This is the scientific reason why bottled beer sometimes smells like weed

A reaction takes place when beer that contains hops is left in the sun - and this is why.

Emily Sergeant Emily Sergeant - 23rd August 2021

It’s probably not something you think about every day, but there’s a chance you’ve opened a bottle of beer before and wondered why it smells like weed.

It turns out you’re not the only one who’s thought it.

Whether you choose to believe it or not, according to LADbible, there’s an actual scientific reason behind the phenomenon and it’s all because of a little-known chemical reaction that takes place in the bottle when the alcohol reacts with the light of the UV rays.

Back in 2001, a group of scientists led by University of North Carolina professor of chemistry Malcolm Forbes PhD found that a reaction takes place when beer that specifically contains hops is left in the sun.

Professor Forbes even suggested that this is one of the main reasons why Corona – the beer that is the most common culprit for smelling ‘skunky’ – is usually served with a lime wedge.


“Corona is marketed extremely cleverly,” he admitted.

So, what actually is the science behind it then? And to what extent should we believe it?


Well, after research into the phenomenon, Professor Forbes and his team published their findings in Chemistry: A European Journal and explained that they found that flavour compounds known as iso-alpha acids are brought forth when the beer is brewed, and that’s actually what gives the beer its distinctive taste – but when those compounds are over-exposed to sunlight, they are turned into free radicals and that makes them highly reactive.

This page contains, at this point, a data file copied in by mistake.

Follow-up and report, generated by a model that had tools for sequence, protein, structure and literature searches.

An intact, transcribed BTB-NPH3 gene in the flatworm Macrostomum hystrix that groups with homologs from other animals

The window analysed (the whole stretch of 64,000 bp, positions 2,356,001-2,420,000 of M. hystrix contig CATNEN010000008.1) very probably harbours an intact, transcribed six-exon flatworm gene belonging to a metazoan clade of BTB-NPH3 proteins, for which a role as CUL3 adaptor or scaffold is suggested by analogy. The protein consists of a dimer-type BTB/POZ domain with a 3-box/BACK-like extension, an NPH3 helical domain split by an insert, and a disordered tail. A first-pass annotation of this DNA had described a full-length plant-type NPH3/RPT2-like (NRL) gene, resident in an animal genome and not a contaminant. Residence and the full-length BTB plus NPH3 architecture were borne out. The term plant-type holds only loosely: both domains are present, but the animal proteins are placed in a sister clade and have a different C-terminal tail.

When those free radicals – which are atoms or molecules that have unpaired electrons – mix with protein, they form another molecule called 3-methyl-2-butene-1-thiol, and it’s this that produces an extremely potent cannabis scent.

It’s so strong that even one part per billion can be picked up by the human nose.


“Hops help flavour beer, inhibit bacterial growth, and are largely responsible for the stability of the foam in the head,” Professor Forbes explains.

“[But] hops, however, are light-sensitive, and the three main compounds in them identified as being light-sensitive are called isohumulones [so] when attacked by either visible or ultraviolet light, these break down to make reactive intermediates known as free radicals that lead to the offensive taste and skunky odour.”

As well as serving with lime, most beer bottles are also made brown or green to combat this process.

But that doesn’t mean they won’t turn if left in the sun for too long, so it’s still best to keep the beer inside and store it in the dark.

Featured Image – Shot Stash